Weekly Update - Let's talk about tax
To pay for the American Jobs Plan, the Administration intends to increase the tax burden on US companies. This was to be expected – Joe Biden’s electoral platform included a partial repeal of Donald Trump’s massive 2017 tax cuts, which reduced statutory corporate tax rates from 35% to 21%. The President now wants to increase the rate to 28% which should raise enough revenue over the next 10 years to pay for just under half of the stimulus plan. The remainder of the amounts required will be raised by taxing a larger proportion of US companies’ overseas profits. The Trump administration introduced a tax on global intangible low-taxed income (GILTI) in December 2017, set at half the 21% statutory rate, i.e. 10.5%. Biden now plans to double the GILTI tax to 21%, to eliminate certain deductions for foreign income and to establish a new minimum tax on large companies’ book income. According to a study by the Penn Wharton Budget Model, these measures in aggregate should raise $2.1 tn over the next 10 years.
However, this proposal would mean a sharp increase in costs for US-based multinationals, raising the risk that companies might seek new domiciles in lower-tax jurisdictions. It is no surprise therefore that US Treasury Secretary Yellen has signalled this week her willingness to accelerate talks on a global minimum tax rate. These discussions have been coordinated by the OECD in recent years and have included proposals for a digital services tax (DST), which would enable governments to tax revenues and profits generated by technology and internet companies with no physical presence in the country. The DST proposal was fiercely resisted by the Trump Administration, which viewed it as blatant discrimination against US digital leaders – the US reacted with a “safe harbour” measure, allowing US companies to opt out of compliance with the DST.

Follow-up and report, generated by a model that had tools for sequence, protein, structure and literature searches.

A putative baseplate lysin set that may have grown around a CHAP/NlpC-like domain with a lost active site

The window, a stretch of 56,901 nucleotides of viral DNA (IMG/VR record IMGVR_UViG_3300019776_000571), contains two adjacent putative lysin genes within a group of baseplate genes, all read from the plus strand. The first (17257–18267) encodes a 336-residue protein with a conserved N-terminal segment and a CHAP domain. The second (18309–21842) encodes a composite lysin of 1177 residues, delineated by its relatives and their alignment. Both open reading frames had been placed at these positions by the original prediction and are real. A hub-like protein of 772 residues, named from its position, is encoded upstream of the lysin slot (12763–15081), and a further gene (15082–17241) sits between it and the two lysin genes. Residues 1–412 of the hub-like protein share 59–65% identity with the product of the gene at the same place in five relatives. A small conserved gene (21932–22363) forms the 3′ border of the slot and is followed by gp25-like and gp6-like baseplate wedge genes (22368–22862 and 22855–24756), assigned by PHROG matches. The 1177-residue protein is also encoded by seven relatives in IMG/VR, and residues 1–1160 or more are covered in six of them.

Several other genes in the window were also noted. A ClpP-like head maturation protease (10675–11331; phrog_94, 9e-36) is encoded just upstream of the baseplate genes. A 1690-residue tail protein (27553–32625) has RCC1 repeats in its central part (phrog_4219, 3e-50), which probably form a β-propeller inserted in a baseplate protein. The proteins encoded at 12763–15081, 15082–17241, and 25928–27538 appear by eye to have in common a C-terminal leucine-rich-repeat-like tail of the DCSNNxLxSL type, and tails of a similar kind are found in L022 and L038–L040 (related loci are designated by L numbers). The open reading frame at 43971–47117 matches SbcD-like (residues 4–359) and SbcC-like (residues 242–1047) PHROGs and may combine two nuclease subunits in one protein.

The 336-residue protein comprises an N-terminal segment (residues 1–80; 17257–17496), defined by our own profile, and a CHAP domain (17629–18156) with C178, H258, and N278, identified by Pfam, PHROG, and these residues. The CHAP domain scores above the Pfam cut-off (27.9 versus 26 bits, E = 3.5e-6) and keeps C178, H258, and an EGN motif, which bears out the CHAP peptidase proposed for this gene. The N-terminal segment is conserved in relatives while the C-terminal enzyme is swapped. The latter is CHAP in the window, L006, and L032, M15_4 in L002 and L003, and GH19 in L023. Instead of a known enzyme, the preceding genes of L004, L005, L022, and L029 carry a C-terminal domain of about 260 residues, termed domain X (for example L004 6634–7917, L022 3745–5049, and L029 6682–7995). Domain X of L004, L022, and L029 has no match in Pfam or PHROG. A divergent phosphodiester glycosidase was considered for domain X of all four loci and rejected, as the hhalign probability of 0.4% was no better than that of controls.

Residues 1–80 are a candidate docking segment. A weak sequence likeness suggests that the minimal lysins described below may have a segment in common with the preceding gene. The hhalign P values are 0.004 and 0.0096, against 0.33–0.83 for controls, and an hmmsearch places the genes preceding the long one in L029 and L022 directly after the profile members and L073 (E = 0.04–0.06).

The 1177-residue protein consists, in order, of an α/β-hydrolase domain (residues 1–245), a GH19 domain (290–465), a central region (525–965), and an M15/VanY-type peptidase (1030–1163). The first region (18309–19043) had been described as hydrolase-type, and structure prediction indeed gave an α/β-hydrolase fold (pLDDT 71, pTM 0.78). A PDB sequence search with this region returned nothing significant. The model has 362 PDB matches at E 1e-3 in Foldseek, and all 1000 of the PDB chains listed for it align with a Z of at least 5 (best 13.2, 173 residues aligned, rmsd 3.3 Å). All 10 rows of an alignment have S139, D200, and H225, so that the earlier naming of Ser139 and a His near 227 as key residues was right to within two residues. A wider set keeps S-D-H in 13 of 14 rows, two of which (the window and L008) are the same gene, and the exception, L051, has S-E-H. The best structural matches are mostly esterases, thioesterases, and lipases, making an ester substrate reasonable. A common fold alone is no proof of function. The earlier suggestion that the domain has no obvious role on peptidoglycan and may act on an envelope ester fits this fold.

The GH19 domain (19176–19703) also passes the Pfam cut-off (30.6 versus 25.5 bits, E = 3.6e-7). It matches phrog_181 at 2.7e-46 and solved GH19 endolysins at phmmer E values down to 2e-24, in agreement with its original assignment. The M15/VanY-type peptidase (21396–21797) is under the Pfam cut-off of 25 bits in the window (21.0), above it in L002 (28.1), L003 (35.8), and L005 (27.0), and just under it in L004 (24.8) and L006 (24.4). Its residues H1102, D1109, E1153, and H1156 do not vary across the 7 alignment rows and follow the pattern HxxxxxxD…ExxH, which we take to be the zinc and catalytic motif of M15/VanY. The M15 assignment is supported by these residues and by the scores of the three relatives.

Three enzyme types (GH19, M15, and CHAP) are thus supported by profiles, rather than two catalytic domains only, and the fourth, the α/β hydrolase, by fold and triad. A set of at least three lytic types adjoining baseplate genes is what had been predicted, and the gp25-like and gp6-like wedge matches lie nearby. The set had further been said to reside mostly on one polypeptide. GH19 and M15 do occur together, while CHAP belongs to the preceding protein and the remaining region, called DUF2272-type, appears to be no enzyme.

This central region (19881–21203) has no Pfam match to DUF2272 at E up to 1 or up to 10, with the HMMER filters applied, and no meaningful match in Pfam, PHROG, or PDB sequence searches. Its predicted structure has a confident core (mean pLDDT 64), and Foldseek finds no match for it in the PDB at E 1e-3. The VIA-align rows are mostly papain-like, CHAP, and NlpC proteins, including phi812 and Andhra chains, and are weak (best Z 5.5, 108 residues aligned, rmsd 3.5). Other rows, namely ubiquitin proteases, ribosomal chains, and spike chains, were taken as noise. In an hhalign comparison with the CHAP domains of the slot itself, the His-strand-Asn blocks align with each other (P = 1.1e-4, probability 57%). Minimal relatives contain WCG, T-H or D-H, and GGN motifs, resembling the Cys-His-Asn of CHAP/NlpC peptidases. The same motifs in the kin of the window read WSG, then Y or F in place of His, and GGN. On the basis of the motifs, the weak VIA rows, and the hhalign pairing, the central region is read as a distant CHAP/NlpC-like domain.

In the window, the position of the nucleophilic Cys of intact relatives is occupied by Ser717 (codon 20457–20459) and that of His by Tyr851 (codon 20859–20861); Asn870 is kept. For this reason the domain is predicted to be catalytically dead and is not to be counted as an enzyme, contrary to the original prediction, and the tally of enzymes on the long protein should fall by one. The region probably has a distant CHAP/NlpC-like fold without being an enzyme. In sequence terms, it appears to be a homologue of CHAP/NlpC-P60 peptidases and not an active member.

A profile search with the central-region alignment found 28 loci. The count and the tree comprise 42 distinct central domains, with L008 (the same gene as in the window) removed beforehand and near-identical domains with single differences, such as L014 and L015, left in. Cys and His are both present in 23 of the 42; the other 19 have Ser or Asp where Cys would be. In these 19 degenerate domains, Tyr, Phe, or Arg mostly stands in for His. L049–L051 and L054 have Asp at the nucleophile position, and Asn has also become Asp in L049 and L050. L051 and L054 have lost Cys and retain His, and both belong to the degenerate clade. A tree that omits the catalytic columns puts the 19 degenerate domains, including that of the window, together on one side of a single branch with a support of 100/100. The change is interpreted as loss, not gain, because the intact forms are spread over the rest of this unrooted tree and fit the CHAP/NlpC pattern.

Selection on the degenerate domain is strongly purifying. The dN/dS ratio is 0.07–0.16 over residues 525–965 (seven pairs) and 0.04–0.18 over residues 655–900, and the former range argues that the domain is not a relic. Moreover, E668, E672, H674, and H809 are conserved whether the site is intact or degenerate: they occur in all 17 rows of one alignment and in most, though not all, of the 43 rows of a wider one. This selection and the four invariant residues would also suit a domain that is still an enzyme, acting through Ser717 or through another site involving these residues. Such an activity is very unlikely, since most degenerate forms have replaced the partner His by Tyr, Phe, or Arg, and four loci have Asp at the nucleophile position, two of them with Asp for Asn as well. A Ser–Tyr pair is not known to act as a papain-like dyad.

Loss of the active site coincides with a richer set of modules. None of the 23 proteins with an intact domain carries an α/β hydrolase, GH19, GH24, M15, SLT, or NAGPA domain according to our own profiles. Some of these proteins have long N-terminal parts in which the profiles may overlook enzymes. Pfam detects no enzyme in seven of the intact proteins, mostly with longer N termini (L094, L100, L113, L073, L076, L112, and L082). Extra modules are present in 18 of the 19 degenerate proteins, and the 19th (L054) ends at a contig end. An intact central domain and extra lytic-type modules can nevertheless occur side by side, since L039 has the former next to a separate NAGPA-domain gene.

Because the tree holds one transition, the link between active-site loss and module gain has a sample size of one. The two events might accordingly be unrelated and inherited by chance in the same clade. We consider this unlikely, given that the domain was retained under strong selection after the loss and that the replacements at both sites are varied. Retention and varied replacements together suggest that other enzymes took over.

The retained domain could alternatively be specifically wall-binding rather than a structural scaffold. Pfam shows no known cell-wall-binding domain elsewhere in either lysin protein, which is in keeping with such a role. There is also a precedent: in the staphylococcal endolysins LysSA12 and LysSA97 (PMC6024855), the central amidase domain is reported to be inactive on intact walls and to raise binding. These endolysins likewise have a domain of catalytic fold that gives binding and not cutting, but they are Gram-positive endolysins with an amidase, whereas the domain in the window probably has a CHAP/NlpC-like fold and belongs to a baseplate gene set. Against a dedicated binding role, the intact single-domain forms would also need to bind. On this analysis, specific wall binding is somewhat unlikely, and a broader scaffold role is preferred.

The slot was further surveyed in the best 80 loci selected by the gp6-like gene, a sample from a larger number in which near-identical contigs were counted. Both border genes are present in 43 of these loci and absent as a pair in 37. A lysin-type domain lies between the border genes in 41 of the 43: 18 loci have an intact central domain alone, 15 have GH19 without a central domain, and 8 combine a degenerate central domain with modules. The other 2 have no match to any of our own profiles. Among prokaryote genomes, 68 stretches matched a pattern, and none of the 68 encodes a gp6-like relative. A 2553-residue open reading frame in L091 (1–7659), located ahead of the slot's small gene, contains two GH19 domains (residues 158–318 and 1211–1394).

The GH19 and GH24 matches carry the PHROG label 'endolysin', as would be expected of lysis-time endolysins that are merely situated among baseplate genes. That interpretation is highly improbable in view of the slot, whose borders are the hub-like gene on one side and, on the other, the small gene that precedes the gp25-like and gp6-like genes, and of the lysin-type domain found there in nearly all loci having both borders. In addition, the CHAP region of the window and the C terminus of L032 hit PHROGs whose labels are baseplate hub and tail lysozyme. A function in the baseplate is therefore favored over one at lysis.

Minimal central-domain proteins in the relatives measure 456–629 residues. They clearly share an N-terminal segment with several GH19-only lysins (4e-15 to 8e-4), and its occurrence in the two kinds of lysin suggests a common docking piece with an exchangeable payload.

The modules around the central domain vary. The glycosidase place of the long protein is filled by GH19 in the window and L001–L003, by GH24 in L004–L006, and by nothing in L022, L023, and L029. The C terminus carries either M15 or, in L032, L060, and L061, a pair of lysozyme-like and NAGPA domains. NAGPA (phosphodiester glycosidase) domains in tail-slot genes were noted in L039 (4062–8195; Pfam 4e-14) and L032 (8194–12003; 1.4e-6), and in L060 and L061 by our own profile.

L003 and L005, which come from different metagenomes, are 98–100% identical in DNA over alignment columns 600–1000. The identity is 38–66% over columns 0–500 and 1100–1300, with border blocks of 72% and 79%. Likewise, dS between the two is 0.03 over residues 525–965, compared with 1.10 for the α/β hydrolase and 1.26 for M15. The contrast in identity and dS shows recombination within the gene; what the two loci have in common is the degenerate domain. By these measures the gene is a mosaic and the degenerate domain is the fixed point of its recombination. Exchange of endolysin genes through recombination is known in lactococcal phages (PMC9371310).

Janet Yellen’s shift in stance marks a return to multilateral engagement with international institutions, in contrast to Trump’s strict “America First” doctrine. She has proposed that the global minimum tax be set at 21% and signalled that the US would abandon the safe harbour policy. While this shift will be welcomed by the European Union, which has been advocating both a global minimum rate and a DST, it is by no means certain that a quick agreement can be reached.
First, the OECD’s discussions have revolved around a 12.5% minimum rate. An increase to 21% will likely be resisted by countries like Ireland which have successfully used their low tax regimes to attract inward investment and jobs. Second, countries have very different needs for tax revenue. According to the OECD, government expenditure as a percentage of GDP varies widely, ranging from 24.5% in Ireland to 38.1% in the US to 55.6% in France. Third, there is sure to be strong opposition from Republicans and some moderate Democrats in Congress to Biden’s tax proposals. Biden cannot afford to lose more than 3 Democratic votes in the House and none in the Senate if he is to get the legislation through. Finally, the Biden White House has not given up on punitive tariffs – the US Trade Representative still plans up to 25% tariffs on some imports from 6 countries – including Italy, Spain and the United Kingdom – which have introduced DST legislation.
Bottom line. Rapid rises in global corporate taxes are unlikely and President Biden may be forced to compromise on his planned increases. This means that budget deficits are likely to remain under pressure, encouraging central banks to maintain easy monetary policy settings. Regarding equities, 2017 showed that changes in the tax code do not have a lasting impact on stock market performance – our preferences for cyclically-sensitive sectors and markets and Value stocks remain unchanged.